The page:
Expanding value-added dairy opportunities in central New York

Project Overview

Project Type: Sustainable Community Innovation
Funds awarded in 2007: $20,603.00
Projected End Date: 12/31/2009
Region: Northeast
State: New York
Project Leader:
Nancy Morey
Chenango County Ag Development Council

Annual Reports


  • Animals: goats, sheep
  • Animal Products: dairy


  • Education and Training: demonstration, display, farmer to farmer, mentoring, workshop
  • Farm Business Management: budgets/cost and returns, marketing management, value added
  • Production Systems: organic agriculture
  • Sustainable Communities: local and regional food systems, new business opportunities, partnerships, public participation, employment opportunities, sustainability measures

    Proposal abstract:

    Chenango County dairy farmers have been experiencing many hardships, including low milk prices, devastating floods, a small labor pool and increasing transportation costs. Some of these problems have been going on for years, and has resulted in the loss of 22% of our dairy farms between 1997 and 2002 (Census of Agriculture data). These difficulties are at the forefront of our local community, as portrayed in a recent Norwich Evening Sun newspaper article: “The Lathrops said they’ve found ways to cut costs, such as fixing their own equipment, mixing their own feed, and working longer hours. But they’re also the first ones to admit that keeping the 48-hour clock is a pace they won’t be able to sustain permanently. “You’re going to get burned out,” he said.”(see complete article attached) Some of these issues cannot be controlled, but we aim to help dairy producers get top dollar for their product. Through dairy value-added products, such as cheese, ice cream and yogurt, dairies are able to more than double the value they would get for raw milk by being able to market it through other channels such as direct to consumer and in local and regional stores. The Expanding Value-Added Dairy Opportunities in Central New York project will focus on farmstead and small-scale cheese making as a way to increase profitability for area dairy farms. Cheese-making can be very profitable, but there are many risks involved. It takes commitment and experimentation to even think about getting started. The cheese making process itself takes hours of trial and error, as does selecting proper equipment, identifying recipes, processes and tools that will work well for the producer. The availability and cost of time and space at a dairy incubator or rented time at a creamery may be daunting for new producers, who need the help that these facilities provide to be successful. The individual farmer has to know what size equipment to purchase, what recipes to use, how to price their product, and how to start or expand marketing efforts, as well as know how to make cheese. These are new challenges to farmers who have been part of traditional dairy co-ops; and there is currently not much available information to help them get started.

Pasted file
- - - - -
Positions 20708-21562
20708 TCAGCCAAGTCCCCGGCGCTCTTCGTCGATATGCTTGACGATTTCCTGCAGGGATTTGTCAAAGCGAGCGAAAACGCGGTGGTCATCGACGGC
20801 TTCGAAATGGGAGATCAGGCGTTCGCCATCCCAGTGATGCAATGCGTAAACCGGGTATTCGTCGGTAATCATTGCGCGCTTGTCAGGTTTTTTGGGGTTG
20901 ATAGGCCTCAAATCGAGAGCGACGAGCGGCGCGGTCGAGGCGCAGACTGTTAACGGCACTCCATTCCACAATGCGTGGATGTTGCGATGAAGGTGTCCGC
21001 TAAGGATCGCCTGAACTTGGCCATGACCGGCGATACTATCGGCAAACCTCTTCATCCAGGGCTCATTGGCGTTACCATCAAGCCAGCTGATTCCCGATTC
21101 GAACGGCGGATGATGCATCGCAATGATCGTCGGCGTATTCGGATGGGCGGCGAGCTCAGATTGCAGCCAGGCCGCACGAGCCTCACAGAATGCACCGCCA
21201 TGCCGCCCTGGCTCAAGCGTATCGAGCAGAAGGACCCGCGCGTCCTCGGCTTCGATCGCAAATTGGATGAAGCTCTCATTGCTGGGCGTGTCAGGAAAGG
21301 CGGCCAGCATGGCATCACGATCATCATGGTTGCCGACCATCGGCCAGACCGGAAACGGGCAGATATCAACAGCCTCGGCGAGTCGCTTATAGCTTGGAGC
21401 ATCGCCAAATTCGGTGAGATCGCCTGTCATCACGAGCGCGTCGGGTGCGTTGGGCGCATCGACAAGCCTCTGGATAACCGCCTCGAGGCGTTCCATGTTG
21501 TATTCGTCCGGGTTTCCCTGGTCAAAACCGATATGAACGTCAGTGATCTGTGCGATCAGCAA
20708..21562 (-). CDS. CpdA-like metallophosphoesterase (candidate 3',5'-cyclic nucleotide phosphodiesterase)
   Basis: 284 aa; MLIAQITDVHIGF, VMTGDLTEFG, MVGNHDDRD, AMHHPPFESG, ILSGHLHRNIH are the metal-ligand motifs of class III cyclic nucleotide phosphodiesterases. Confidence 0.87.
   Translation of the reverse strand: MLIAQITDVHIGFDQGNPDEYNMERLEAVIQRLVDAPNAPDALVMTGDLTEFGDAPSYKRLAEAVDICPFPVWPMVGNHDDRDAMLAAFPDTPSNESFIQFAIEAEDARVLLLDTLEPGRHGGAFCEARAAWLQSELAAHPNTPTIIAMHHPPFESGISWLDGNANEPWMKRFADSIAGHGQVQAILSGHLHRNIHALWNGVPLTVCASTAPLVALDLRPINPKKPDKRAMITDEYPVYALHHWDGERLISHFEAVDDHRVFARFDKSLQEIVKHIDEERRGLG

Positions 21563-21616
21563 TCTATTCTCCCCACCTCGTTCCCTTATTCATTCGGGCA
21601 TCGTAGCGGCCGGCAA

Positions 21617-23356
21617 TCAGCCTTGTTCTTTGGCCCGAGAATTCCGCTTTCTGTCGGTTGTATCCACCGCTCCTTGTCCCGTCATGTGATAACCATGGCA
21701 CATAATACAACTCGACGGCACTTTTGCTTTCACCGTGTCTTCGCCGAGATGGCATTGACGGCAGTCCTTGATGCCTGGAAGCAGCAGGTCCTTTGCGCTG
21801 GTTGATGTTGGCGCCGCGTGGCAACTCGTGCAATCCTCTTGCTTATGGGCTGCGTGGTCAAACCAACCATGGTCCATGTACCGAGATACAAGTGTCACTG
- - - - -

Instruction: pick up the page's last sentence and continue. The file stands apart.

Project objectives from proposal:

    The Expanding Value-Added Dairy Opportunities will address these issues in 5 ways: